These nine websites contain some of the best resources for finding maps online.
The home of more than 3 million federal land title records for Eastern public-land states (1820 to 1908) keeps getting better. The bureau is now adding field notes from the original surveyors, which may include the names of settlers living in the area, along with images of land warrants issued as a reward for military service. Images related to survey plats and field notes, dating to 1810, are also coming online as each state’s documents are completed.
With hundreds of fully searchable historical maps online, this site is strongest on the Civil War.
Not just a gazetteer of current places, this searchable database of more than 1.1 million locales also includes historical spots around the world.
Unquestionably the coolest way to map your ancestors, Google Earth lets you “fly” across the planet to view satellite imagery, maps, terrain, 3-D buildings and historical imagery. You can save your toured places, share with others and (with some tech know-how) combine your data with the site’s geographical info in a “mashup.”
Another site you’ll need to persuade your library to buy into, ProQuest’s collection of digital maps features more than 200,000 high-resolution, full-color historical maps. These include property maps from the late 1700s to the present and antiquarian maps from the 15th to 19th centuries, plus city directories. There is also a version of Historical Map Works aimed at individual subscribers.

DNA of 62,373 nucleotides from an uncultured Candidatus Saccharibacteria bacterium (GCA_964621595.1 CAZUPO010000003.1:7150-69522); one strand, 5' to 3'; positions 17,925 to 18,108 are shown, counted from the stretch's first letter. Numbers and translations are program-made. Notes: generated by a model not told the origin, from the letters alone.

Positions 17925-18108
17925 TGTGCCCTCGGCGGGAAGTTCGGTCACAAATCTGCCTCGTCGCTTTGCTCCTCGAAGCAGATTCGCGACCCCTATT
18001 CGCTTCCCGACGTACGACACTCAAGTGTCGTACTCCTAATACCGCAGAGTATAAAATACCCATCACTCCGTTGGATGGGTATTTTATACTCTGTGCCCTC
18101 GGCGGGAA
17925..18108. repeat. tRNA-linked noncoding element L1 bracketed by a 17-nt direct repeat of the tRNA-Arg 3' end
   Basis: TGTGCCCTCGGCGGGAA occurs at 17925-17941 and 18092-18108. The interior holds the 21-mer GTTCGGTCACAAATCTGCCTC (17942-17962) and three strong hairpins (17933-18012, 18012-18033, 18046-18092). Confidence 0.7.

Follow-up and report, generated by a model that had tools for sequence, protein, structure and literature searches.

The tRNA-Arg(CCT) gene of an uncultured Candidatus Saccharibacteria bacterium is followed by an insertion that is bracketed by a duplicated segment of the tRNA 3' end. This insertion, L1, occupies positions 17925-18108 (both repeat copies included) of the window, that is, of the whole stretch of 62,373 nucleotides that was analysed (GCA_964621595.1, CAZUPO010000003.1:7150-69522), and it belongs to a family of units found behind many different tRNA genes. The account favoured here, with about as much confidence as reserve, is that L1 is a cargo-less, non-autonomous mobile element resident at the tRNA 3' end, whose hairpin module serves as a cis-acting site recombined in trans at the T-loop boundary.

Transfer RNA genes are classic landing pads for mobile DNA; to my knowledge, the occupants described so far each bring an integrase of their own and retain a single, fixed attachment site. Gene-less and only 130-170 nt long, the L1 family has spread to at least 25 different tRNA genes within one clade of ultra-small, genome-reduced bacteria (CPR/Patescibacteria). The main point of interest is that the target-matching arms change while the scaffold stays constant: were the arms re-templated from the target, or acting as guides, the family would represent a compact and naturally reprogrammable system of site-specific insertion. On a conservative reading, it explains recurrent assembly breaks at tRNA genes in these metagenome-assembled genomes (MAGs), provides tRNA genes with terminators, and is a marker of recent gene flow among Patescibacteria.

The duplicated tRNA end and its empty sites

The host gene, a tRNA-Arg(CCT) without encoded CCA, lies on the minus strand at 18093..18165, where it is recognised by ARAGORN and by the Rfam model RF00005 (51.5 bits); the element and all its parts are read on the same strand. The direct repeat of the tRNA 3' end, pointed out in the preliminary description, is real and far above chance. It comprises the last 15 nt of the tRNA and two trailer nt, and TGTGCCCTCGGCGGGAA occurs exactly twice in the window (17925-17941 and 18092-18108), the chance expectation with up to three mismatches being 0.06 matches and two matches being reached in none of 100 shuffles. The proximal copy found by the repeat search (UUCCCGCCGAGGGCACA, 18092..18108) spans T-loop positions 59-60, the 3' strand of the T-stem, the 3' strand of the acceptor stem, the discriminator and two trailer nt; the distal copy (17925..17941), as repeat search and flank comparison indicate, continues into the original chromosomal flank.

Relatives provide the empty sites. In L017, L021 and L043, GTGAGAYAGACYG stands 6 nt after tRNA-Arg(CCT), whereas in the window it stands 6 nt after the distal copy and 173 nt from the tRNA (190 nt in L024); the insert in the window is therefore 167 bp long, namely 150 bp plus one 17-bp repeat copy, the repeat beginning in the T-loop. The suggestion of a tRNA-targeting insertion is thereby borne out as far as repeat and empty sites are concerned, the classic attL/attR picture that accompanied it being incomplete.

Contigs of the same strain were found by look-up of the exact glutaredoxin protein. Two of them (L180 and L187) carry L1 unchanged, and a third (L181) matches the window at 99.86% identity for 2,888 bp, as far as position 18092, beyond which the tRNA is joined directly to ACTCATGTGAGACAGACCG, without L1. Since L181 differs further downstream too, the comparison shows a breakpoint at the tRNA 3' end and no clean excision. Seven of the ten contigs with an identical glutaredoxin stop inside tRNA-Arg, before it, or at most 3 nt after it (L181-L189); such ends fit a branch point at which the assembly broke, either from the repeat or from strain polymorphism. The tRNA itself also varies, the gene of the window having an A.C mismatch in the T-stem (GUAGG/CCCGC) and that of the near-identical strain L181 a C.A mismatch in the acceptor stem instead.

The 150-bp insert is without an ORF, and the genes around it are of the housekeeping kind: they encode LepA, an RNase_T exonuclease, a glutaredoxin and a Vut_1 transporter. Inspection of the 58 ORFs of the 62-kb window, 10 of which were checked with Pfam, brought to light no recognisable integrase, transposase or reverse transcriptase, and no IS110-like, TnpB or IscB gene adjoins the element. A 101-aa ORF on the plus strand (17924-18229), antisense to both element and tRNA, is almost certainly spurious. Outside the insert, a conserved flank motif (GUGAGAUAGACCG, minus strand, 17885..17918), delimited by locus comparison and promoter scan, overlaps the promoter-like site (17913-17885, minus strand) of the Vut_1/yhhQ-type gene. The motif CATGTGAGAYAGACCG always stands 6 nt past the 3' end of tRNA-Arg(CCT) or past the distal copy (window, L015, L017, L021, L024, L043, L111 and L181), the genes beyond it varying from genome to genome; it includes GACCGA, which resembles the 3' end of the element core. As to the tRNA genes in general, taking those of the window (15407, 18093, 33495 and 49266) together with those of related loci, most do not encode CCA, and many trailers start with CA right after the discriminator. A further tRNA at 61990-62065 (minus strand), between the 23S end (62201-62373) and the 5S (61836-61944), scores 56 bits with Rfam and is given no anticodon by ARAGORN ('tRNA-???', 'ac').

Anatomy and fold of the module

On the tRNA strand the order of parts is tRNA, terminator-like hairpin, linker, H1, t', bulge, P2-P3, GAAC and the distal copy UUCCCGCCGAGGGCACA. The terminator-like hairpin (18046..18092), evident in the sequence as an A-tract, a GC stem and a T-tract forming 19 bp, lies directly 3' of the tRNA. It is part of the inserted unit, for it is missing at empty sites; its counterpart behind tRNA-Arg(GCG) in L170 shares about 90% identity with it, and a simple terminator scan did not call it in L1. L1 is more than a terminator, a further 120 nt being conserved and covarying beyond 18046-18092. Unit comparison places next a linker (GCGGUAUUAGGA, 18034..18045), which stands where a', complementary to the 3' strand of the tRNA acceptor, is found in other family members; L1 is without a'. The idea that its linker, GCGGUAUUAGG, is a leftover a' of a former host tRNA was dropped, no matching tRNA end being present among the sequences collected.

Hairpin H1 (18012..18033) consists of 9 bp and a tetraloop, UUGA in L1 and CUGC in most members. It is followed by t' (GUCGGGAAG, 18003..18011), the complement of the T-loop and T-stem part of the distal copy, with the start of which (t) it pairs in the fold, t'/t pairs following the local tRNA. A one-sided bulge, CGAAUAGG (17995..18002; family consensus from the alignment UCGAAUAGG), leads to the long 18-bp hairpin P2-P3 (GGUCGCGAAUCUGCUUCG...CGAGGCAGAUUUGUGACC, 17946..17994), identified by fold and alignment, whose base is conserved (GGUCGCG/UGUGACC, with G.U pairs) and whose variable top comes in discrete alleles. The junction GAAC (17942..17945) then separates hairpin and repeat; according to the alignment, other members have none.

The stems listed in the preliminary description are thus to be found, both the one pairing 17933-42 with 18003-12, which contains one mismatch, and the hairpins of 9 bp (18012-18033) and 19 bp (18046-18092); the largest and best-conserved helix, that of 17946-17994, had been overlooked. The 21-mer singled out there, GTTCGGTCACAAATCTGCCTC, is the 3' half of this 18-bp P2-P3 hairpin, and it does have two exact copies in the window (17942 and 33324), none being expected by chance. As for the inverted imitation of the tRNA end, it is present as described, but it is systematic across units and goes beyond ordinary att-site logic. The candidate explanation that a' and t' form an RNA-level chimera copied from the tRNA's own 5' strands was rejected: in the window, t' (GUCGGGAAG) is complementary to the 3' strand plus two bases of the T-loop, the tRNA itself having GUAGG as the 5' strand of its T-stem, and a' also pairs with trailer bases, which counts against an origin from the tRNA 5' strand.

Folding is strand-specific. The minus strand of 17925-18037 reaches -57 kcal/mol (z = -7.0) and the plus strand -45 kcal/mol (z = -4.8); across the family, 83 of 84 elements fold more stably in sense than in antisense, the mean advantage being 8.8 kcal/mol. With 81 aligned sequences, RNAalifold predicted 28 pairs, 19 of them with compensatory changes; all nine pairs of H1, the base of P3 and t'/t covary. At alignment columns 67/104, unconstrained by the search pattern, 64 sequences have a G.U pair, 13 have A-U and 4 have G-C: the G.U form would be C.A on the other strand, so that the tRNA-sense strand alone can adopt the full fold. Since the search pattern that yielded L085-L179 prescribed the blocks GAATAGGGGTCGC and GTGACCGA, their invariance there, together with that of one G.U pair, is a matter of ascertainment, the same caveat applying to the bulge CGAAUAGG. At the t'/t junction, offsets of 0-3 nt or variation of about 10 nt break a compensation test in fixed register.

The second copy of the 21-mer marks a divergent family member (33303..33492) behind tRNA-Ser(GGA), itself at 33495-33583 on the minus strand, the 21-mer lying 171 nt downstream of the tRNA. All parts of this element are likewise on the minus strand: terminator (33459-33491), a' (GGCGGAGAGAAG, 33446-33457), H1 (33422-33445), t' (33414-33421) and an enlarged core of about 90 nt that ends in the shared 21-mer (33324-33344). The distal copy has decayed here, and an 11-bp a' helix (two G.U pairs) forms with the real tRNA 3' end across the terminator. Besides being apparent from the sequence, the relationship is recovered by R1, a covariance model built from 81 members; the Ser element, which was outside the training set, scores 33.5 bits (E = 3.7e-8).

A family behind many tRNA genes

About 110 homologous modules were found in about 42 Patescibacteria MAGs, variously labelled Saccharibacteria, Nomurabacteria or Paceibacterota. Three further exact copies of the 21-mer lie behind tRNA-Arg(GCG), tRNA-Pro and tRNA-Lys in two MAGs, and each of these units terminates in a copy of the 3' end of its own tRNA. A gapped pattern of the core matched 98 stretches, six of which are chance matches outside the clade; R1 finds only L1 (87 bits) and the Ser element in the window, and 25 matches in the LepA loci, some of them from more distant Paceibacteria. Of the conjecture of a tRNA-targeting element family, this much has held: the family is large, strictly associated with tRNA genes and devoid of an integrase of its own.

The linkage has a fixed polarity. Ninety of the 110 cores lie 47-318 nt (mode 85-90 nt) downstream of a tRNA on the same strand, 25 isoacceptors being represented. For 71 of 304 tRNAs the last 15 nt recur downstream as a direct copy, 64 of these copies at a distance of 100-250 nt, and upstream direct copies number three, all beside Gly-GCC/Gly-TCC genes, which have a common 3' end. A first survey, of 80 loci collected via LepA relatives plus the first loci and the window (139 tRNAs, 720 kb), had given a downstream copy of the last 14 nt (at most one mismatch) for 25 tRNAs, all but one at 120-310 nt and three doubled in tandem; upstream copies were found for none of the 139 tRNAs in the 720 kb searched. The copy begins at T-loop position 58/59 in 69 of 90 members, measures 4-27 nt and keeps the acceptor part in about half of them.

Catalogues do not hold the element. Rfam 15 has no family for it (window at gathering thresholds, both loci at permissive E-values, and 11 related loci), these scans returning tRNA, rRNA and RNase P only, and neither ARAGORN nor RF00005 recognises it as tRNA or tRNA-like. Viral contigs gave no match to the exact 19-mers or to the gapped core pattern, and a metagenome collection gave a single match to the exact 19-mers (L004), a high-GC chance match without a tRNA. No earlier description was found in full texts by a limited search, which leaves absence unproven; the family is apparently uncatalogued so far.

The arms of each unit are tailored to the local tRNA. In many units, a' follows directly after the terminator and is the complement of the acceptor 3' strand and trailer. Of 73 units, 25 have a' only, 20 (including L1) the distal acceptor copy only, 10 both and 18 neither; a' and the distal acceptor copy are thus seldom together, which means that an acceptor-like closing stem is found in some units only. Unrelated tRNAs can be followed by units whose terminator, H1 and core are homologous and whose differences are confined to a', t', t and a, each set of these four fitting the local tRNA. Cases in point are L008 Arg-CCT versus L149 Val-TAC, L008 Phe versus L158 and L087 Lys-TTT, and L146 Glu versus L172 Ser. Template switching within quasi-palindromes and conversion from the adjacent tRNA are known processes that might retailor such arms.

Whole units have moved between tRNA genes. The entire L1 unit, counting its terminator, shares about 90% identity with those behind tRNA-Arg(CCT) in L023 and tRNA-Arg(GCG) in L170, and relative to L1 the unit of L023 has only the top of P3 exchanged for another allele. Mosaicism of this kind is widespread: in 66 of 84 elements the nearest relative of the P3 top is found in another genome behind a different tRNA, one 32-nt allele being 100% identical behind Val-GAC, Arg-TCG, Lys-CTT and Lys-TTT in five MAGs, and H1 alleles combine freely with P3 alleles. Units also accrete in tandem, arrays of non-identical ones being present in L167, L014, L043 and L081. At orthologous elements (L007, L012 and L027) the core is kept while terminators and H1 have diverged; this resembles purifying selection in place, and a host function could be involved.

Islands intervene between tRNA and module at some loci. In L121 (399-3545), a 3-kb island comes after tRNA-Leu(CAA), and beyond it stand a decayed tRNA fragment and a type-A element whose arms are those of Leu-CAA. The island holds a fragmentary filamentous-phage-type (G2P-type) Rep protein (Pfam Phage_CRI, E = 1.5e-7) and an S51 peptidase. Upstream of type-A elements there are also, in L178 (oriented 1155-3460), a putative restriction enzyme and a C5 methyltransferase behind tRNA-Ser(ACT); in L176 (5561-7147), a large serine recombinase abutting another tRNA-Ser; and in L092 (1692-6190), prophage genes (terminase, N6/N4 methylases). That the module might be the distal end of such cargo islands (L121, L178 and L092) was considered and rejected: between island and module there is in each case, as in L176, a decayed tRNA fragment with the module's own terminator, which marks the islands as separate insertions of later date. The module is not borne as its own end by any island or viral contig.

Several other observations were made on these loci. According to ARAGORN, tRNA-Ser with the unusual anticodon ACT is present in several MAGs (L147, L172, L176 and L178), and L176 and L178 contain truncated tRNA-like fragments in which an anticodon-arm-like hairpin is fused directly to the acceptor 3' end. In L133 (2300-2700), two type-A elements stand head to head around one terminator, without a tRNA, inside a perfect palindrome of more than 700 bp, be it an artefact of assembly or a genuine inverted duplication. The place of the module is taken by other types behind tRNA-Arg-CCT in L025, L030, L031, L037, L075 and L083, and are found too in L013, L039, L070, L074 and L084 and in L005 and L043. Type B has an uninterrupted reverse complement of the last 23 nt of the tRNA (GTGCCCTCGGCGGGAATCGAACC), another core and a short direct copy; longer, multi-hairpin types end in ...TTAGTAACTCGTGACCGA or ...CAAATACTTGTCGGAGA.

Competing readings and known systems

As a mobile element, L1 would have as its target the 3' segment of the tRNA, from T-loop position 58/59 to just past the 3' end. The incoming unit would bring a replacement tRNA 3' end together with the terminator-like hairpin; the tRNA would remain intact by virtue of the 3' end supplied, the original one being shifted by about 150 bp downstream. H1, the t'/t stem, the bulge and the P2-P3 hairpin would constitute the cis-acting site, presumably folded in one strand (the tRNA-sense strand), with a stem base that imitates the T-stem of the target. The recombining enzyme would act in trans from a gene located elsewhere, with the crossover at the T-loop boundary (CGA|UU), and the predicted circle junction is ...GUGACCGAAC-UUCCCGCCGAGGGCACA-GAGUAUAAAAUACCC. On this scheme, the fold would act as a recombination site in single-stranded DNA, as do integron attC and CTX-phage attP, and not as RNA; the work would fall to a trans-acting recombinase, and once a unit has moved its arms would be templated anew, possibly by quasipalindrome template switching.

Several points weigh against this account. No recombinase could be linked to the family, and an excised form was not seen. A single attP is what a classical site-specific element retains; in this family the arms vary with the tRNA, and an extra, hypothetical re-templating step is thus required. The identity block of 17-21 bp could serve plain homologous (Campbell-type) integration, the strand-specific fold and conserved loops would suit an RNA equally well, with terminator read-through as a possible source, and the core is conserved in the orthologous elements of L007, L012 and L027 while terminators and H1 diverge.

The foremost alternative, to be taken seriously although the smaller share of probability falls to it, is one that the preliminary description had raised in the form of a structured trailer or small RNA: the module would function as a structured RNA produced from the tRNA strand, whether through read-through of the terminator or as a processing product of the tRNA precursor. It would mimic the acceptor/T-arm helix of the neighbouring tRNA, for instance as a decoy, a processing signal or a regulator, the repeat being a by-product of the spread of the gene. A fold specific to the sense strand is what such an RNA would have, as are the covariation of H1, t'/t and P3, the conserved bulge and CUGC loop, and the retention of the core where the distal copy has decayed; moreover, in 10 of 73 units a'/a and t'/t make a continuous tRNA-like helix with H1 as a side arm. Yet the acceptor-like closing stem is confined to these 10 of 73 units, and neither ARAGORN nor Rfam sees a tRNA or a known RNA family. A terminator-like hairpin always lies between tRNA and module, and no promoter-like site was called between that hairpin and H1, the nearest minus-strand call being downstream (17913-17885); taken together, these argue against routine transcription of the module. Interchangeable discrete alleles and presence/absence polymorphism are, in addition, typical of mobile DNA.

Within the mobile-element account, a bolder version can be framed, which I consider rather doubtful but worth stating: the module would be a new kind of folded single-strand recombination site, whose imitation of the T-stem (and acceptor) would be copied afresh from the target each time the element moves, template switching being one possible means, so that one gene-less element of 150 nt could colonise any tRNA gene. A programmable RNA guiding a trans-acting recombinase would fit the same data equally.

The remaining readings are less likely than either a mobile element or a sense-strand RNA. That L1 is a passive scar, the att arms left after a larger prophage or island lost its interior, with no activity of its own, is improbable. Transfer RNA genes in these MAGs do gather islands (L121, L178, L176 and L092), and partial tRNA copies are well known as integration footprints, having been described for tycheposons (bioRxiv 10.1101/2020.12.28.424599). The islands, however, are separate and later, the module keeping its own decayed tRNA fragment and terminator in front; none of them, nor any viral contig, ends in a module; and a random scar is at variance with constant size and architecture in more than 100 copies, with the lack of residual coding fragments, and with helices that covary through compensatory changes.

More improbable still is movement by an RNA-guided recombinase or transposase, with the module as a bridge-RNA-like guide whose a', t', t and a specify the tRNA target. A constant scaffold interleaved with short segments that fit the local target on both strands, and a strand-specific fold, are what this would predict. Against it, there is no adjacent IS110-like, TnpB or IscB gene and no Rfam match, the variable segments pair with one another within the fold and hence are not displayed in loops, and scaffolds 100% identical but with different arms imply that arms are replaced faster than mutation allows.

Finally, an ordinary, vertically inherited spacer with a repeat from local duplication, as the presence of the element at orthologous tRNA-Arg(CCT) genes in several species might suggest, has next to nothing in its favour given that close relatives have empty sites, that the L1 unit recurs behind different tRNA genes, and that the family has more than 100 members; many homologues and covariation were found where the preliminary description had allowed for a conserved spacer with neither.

Search for small-scale, high-detail maps (up to 1:25,000 scale) of anywhere in the United Kingdom simply by entering the place name, full postal code or National Grid reference, then print the maps or copy for use on your genealogy website.
If your family was among the 300,000 pioneers who headed West along the Oregon Trail, you can retrace their migration on this lovely educational site.
Need a map of the British Isles in 1603 or Dublin, Ireland, in 1610? How about a map of France in 1791? Or Cincinnati in 1880, Dodge City in 1920 or New York City in 1642? You’ll find all of these—and plenty more—in this vast collection, courtesy of the University of Texas library.
If you can’t find and map your ancestral stomping grounds with the array of tools assembled at this website, the place probably never existed. Buy or download current maps, topographic maps dating back to 1882 and aerial and satellite images. You also can look up places past and present in the National Atlas or Geographic Names Information System (GNIS), then plot and customize them on the National Map.